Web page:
Sydenham Hill Wood Conservation Updates

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Sydenham Hill Wood is a nature reserve managed by London Wildlife Trust. It is part of London’s historic Great North Wood.

Recent Work

Wooden steps are a valuable habitat for fungi and insects, but eventually they become a trip hazard! Volunteers carefully removed two old steps by the footbridge and left them in the woods to continue to rot down before replacing them to start the cycle again!

When too many logs end up in our pond, the extra nutrients they add to the water can harm the delicate balance of life there. So we fish some of them out! Most end up in there from falling off trees, but some are thrown in - please don’t! How timeless does this scene look though!

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#2

Mending fences, steps and handrails around the wood is just one of the many things volunteers get stuck in with! If you’d like to get involved, email rdowse@wildlondon.org.uk for more information!

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#3

Sometimes we thin out plants like holly and yew to allow more light to the woodland floor. When we do, we use the cut material to create dead-hedges. Sometimes though, where we cut and where we need the hedge aren’t in the same place! Luckily our volunteers are great at teamwork!

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Volunteers have been hard at work clearing the Cox’s Walk bridge of mud and leaves. Too bad we forgot a “before” photo! There’s been a bridge here since 1865, and Camille Pissarro painted the view from it in 1871! Look out for out info board in the exact spot it was painted from!

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#6

Our volunteers have been measuring our mulberry tree to submit it to London Mulberies! The Morus Londinium project is making a map of all London’s mulberry trees, as they were usually planted for a reason, and finding out why can reveal interesting stories!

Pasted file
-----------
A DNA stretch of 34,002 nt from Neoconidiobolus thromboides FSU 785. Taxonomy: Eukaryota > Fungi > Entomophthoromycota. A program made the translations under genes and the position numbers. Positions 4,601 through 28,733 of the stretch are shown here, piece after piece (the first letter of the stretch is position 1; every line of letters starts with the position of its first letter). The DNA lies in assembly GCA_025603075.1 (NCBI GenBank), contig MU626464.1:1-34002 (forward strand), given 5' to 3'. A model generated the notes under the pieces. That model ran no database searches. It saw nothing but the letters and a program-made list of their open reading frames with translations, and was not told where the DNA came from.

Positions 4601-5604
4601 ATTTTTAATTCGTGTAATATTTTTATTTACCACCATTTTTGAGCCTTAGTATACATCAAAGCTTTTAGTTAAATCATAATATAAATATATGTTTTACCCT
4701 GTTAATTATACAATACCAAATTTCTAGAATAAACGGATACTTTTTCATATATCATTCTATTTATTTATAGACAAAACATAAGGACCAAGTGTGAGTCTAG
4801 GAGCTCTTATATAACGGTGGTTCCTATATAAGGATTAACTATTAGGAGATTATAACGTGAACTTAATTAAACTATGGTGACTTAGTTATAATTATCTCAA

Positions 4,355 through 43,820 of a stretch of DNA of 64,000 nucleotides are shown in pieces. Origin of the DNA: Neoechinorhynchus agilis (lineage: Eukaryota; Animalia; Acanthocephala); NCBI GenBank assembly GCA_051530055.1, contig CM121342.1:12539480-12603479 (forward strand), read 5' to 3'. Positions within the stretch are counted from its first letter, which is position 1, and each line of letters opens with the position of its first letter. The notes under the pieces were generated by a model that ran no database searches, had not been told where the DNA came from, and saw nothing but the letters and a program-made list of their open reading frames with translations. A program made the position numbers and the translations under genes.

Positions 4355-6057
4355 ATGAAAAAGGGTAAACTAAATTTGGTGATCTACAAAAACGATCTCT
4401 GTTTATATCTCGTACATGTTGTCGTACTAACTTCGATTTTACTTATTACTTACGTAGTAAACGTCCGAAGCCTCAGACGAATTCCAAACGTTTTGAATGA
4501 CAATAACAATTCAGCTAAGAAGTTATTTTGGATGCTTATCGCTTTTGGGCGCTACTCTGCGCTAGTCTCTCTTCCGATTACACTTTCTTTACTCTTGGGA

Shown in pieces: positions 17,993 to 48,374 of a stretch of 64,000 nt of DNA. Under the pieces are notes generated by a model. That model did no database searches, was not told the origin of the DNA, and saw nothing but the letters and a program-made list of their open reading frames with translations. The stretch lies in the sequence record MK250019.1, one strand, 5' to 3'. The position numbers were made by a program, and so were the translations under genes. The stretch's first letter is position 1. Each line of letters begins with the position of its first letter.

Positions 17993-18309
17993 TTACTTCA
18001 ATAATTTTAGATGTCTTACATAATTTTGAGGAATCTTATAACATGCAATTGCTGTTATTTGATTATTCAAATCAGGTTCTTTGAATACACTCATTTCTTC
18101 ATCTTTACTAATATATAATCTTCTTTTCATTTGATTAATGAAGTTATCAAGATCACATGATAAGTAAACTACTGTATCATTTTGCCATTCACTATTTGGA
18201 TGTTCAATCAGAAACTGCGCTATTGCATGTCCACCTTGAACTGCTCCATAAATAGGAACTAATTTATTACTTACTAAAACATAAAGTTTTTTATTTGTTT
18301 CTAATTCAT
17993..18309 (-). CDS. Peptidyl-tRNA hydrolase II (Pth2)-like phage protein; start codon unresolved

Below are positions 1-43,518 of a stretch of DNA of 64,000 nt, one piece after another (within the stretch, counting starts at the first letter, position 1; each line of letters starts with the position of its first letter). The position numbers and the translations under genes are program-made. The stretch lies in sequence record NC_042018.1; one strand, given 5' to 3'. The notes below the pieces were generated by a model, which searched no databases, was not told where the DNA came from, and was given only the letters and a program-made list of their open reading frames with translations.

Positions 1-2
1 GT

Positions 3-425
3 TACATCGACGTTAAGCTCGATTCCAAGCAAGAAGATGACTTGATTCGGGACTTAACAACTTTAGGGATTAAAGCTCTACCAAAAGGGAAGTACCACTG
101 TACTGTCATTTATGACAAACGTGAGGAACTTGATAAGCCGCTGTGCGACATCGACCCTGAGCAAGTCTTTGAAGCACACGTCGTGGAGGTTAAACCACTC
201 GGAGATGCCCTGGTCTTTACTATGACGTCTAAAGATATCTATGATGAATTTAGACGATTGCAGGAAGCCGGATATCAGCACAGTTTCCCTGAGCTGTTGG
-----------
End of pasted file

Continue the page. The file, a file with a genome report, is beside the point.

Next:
https://www.moruslondinium.org/

#7

Out on a winter walk? Look out for this boardwalk, installed by the Great North Wood project back in the summer to cross a really muddy and waterlogged section of path in our neighbouring Dulwich Wood. Hopefully you’re seeing the benefit now!

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#8

Here’s a few photos from our volunteer crafternoon in the woods in December! As a thank you to London Wildlife Trust volunteers from across South London, we carved spoons, cast pewter using cuttlefish bone moulds and celebrated a great year of hard work caring for London’s wildlife!

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#9

Did you know, Cox’s walk has existed since 1742? It was created by publican Frances Cox to encourage people visiting Sydenham Wells to come through the woods to his pub! Now it’s managed by London Wildlife Trust staff and volunteers as an important route for wildlife as well as people!

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We had a great visit from Y2 at Judith Kerr Primary School recently, learning all about woodland habitats! We were even followed around by a robin!

To book a guided school visit to the wood please email rdowse@wildlondon.org.uk or visit here for more details:

https://www.wildlondon.org.uk/what-we-do/outdoor-education

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#12

Volunteers worked hard replacing the rotten scaffold board on this step recently! It looks new in the photo, but after a few days of mud it was truly weathered in! We used part of a recycled scaffolding board and pegs cut from hazel from our London Wildlife Trust Gutteridge Wood reserve!

#13

Coppicing is one of our oldest woodland management practices and has taken place across the Great North Wood for hundreds of years. Volunteers have been coppicing hazel in the wood and used it to create this hurdle to flll a gap in the fence! GNW map here:

http://www.wildlondon.org.uk/great-north-wood

#14

We’ve had an increase in filming requests since these signs went up - huge thanks to everyone who requests permission, it helps us keep the wood as a haven for wildlife and a special place for visitors!

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#16

Look out for wildflowers starting to appear in the wood, like this delicate little chickweed! It’s particularly important to watch where you step at this time of year, as the newly emerging shoots are very delicate! A bit of care now means more flowers later on!

#17

The woods are full of nesting birds now, like this blue tit (:camera:David Esterson). It’s important to keep dogs on leads during this time so they don’t scare low-nesting birds like wrens, and to move away if you hear alarm calls, as birds can abandon nests if they feel threatened.